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Mecurialist 2011

 Refers to one under the influence of mercury; a physician who uses mercury in any of its forms, in his practice.

I am pretty sure this refers to the chemical element that is; but I tend to look at it from another point of view. Mercury the planet is said to represent Hermes in Greek Mythology, he was seen as a messenger and a god with one foot in the physical world and another in the realm of the unseen. Mercury in astrology is said to cross many mental boundaries into your imagination and memories of the past. In an active mental landscape Mercury gathers and translates your personal experience on life.

Mecurialist 2011

This to me says a lot about Mecurialist the label, not only do they gather together elements of past and present to create almost futuristic relics, their pieces are individual and are interpreted as such by those who wear them. No piece is the same and each is crafted to offer something unique.

Mecurialist 2011

Melbourne based designer duo; brother and sister Emma & Thom Luke both have a background in industrial design which is evident in their approach to their collection. When previewing their winter collection ‘ The Art Of Componentry’ I was struck by something rather alchemic about it, they use the softest of kid leathers, aged canvas, cow hide and then juxtapose this with industrial metal; oxidized silver, blackened stainless steel and anodized aluminium. We had a chat to Emma about their latest work:

Mecurialist 2011

Machinery seems to be of influence to you in this collection, what fascinates you about this industrial look?

We both studied industrial design and have worked as product designers, so we have a real affinity with machines and industrial componentry. The nuts and bolds and inner workings of a product have a certain romance about them.

How does it differ from past collections, and have you repeated any styles from the past?

This is our second combined jewelry and leather goods collection so the label’s aesthetic is still evolving – and always will be, but we like the idea of blurring the boundaries between these two mediums and developing a strong industrial design ethos.

The leather collection has certainly evolved through a process of developing styles and the materials available to us, but the jewellery is very much about the process and pushing the boundaries with each technique so we have a lot more freedom in driving our aesthetic interests further.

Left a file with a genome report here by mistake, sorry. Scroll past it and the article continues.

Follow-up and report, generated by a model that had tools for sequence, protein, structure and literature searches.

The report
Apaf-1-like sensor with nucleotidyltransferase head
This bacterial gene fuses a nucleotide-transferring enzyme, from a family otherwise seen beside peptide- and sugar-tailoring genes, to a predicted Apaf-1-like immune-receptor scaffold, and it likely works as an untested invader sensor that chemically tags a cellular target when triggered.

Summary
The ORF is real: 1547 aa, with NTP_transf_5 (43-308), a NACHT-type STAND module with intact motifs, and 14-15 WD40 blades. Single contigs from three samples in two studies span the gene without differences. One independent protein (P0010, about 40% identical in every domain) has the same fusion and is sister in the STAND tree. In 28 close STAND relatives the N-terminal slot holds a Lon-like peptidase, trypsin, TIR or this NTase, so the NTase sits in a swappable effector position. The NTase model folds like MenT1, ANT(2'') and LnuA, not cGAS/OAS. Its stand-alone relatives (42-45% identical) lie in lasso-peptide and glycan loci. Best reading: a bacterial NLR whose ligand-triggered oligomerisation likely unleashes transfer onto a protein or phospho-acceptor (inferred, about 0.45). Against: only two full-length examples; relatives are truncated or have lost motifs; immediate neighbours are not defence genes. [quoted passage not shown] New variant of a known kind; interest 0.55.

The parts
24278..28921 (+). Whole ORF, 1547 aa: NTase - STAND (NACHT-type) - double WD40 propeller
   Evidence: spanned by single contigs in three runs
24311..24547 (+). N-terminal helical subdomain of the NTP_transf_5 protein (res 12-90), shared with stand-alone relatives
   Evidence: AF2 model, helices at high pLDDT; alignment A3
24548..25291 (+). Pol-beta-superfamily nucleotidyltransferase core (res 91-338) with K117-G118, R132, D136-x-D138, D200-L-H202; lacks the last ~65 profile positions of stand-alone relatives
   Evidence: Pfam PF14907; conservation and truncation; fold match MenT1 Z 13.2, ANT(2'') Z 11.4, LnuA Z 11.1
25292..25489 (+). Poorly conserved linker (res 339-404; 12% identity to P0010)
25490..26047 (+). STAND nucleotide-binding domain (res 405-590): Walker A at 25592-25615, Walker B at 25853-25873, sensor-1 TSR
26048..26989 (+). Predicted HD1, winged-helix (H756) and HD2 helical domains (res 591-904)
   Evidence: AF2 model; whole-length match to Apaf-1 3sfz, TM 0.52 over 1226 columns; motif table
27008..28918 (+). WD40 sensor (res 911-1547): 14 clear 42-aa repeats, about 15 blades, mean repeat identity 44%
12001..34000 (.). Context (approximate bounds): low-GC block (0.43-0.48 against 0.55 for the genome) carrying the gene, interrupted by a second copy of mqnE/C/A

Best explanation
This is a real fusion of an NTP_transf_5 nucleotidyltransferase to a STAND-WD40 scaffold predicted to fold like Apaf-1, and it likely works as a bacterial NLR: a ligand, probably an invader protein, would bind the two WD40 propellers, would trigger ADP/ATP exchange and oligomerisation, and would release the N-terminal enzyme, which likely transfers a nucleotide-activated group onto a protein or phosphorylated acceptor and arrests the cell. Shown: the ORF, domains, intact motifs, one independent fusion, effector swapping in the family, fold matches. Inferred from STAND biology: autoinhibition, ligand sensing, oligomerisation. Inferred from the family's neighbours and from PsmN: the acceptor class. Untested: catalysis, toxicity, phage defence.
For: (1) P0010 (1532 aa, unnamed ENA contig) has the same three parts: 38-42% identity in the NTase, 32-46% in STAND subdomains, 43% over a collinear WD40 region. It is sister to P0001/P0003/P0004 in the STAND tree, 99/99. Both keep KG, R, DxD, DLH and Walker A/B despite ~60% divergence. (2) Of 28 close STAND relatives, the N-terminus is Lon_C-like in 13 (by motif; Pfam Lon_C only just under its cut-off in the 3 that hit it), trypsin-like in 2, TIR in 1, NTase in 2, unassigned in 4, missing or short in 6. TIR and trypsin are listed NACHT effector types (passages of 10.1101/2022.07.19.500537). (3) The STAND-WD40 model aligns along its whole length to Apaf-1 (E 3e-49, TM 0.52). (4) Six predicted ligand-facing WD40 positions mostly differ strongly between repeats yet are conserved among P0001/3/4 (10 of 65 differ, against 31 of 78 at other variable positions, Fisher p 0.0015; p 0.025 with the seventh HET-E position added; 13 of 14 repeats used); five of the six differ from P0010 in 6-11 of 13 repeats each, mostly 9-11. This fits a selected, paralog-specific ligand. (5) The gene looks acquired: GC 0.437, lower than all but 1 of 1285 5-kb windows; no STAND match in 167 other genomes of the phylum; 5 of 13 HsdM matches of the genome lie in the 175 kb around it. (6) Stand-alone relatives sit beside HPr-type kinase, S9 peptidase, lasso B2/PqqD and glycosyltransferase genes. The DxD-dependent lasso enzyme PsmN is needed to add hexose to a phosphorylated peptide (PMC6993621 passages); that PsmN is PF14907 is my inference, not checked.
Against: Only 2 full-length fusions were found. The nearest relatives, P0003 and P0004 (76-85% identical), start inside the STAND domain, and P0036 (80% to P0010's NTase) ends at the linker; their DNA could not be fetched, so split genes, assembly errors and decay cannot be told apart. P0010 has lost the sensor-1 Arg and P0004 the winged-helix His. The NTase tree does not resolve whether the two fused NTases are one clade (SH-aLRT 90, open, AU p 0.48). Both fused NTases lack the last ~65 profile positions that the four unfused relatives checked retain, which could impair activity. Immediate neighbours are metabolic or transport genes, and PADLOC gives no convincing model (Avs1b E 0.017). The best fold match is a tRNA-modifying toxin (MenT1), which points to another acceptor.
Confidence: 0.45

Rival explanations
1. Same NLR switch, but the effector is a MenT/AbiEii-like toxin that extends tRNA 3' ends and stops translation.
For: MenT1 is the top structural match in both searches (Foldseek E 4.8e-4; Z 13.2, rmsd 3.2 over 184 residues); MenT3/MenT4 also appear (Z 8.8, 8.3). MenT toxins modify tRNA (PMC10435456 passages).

Why is it important to you to use such an array of materials, mixing natural materials such as leather and canvas with stainless steel and metals?

There is something very seductive about hard metals and soft leathers – mixing materials brings a softness to otherwise harsh finishes and structure to very tactile surfaces. This is probably why we enjoy using anodized aluminum, because in a way it is a marriage of the two: the lush anodizing colours and warm, light nature of the metal gives the impression of softness yet it is still a hard metal object.

The latest collection has a series of “Alchemy” pendent pieces; how were these crafted as they seem quiet delicate?

These pieces have been individually hand made out of sterling silver. I wanted to achieve a balance between the scale and symbolism of the piece; the delicate silver and air around its silhouette creates an interesting play of shadow and light. Because the pendants are so large the effect is quite unusual.

Why is it important to creative one off individual pieces?

The beauty of working for yourself is that you can indulge your creativity, and produce things that are not always considered ‘commercially viable’. I think a lot of people are looking for unusual pieces that express their individuality. That is certainly what drew me to starting a label in the first place; to make unusual things for friends and myself.

You also exhibited your work at the NMIT ‘Forge’ Graduates Exhibition in late 2010, and won the APECS Casting Award for your designs. What was this experience like?

This was a great opportunity for me and other designers to showcase our work in a cohesive environment, and a fantastic chance to work on something really special and above the usual undertaking.

How do yourself and Thom find working together considering your brother and sister? Does it work well or do you drive each other mad sometimes?

For the most part it’s great, your expectations are higher and you can be blatantly honest with each other – which can be hard with other people (you know a sibling has to eventually forgive you for saying something harsh). I think all this can enhance the creative results. Having said that, yes some of the arguments are epic! Our parents are designers that work together though, so we have grown up with it.

Finally, what’s next for Mecurialist in 2011?

Building on the collection and enjoying the creative process. We do quite a lot of collaborative design work, which is great because we get to work with lot’s of creatives. This is great motivation and exposes you to different ways of working and to some really unique experiences. We will see where things take us!

Wise words by Jordan Moore

Images courtesy label

2 Thoughts on “Mecurialist 2011

  1. Tullia on February 6, 2011 at 9:22 am said:

    Love this

  2. Pingback: Tweets that mention Mecurialist 2011 | Style Melbourne --

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